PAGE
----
network (CDN) to stream the programs. With that additional cost, plus the fact that online TV ads
yield lower revenues that broadcast TV ads, the commercial broadcaster's response is to fire ever
more ads at people who watch their programs. Such relentless repetition of irritating ads is
unwittingly driving people to use subscription products like Netflix that do not show advertising.
Sir Martin Sorrell, the chief executive of global advertising group WPP, who manages over $70
billion of advertising expenditure, recently said that he thinks Netflix will eventually have to show
advertisements to its subscribers if it is to become profitable. I do hope he is wrong.
I can't think of a television ad that I've seen whose product or service I now want to buy.
Advertisements are obviously meant to increase the acceptance or sales of whatever service or
product they’re promoting, but the intrusive number of adverts being repeated apparently ad
infinitum within a program does the complete opposite. In fact my wife and I have become so
annoyed that we’ve vowed never to buy any of the branded products pushed so mercilessly at us.
Recent Microsoft research into online advertising concluded that: “the practice of running annoying
ads can cost more money than it earns.” Spot on! Perhaps when more “big data” analysis shows
that a great deal of advertising is counter-productive, as well as expensive for advertisers, brands
will resort to more modern and effective selling techniques.
In this digital age one of the world's fastest growing brands is the Chinese smartphone
manufacturer Xiaomi. The company recently claimed a world online record by selling 2.1 million
phones in 12 hours during a sales promotion. Instead of wasting money on expensive advertising
and distributors Xiaomi cleverly exploits the power of the Internet by selling directly to customers.
Flash sales of heavily discounted prices are available for just a few hours – and they’re always
heavily promoted virally by Xiaomi's own customers. Xiaomi is truly a 21
created just five years ago, totally free of the baggage of using old fashioned selling techniques.
This fledgling company has understood a fundamental truth: Most buyers, whether the poorer
young or the richer old, would far rather prefer a lower price than annoying advertising. But don't
expect other companies to quickly follow suit, the entrenched vested interests of advertising
agencies will need to be overcome first.
The PowerPoint chart above uses Ofcom (U.K. Government data) from a recent diary survey of 259
people over the age of 65 years. This data has then been compared with the averages produced
from similar research across all ages of adults to see the different behaviours. Ironically,
commercial companies don't get the opportunity to do this type of detailed research on older age
groups as most brands still focus their attention on those young but hard-up consumers. Part of
this outmoded logic is that the young are setting up home and are therefore more likely to buy
more products and services. Brands seem to have totally overlooked the U.K.’s 30-year trend: that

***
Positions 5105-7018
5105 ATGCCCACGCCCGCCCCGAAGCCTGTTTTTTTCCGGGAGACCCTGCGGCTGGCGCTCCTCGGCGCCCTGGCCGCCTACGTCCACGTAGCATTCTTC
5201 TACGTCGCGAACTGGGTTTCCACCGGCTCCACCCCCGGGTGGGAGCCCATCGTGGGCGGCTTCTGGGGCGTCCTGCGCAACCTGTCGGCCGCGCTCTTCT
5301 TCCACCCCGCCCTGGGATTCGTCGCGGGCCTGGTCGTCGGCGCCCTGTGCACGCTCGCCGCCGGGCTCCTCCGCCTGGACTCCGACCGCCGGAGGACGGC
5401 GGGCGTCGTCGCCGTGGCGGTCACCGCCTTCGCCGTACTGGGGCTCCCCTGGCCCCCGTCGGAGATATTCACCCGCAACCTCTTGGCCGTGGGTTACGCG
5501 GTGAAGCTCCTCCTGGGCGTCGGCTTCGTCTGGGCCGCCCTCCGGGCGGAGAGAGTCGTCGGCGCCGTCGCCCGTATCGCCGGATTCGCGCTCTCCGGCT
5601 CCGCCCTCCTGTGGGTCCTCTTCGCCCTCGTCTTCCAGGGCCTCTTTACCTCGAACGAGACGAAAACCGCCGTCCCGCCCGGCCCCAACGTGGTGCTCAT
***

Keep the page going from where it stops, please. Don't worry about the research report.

divorce figures for men age 60+ years has risen 73% since 1991. This isn’t just in this country,
nearly every developed nation in the West has produced similar statistics. The rise of Internet
dating has been matched by women becoming more economically and emotionally independent -
and the effects are devastating. According to the U.K. Office of National Statistics (ONS) those poor
old, 60+, men getting divorced have, on average, been married for 27.4 years.
How on earth could brands have missed this? Or the effects of another life-changer: retirement?
My wife and I have recently moved house because retirement meant we could get out of frenetic
London and achieve a far more civilised existence in sunny Torquay in Devon. This has prompted a
positive buying bonanza – we’ve changed all the utility companies; bought the components for a
new high speed network within our house; a new alarm system; a new sound system; an expensive
running machine; a rowing machine; new vacuum cleaners for the house and garden; the inevitable
new curtains, cushions and rugs and much, much more, including the new “less than smart” TV
already mentioned. It seems remarkable that every one of our purchases has one thing in
common - the advertising and product brochures feature young people in their 20s – there isn't a
grey hair or a wrinkle to be seen. No wonder retail sales are flat.
Note that the data in the chart above shows that older people are 10% more likely to watch catch-
up TV, that the older (boomer) generation can still read so, unlike the youngsters, we senior citizens
are 16% more likely to read a newspaper (printed or digital) and 14% more likely to read a book
(printed or digital). Seniors are also 26% less likely to spend time on social networking and 20%
less likely to use instant messaging as well as being 18% less likely to buy online. (Although that
one doesn’t hold true for my wife and me). In short older people spend far more time in the real
world than a digital virtual world and, as a consequence of being retired, they have much more free
time than the young. Brands need to wake up and understand the huge difference in behaviours
between older and younger people. One thing is unmistakable: many of the older age groups are
fortunate enough to have a high level of spending power and they get far more exasperated by
advertising than younger people. Research from Limelight Network's report The State of Online
Video in 2015 clearly shows that for online ads to be effective with streaming video they need to be
personalised and easily avoided. This means that if an advertisement isn’t pertinent to an
individual, it can be skipped so the brand doesn't become negatively tainted by being recalled as
annoying. The digital world is all about choice and relevancy, whatever age one is, and it’s high
time that the television industry worked this out.
...with analysis & insight...
Old money...is different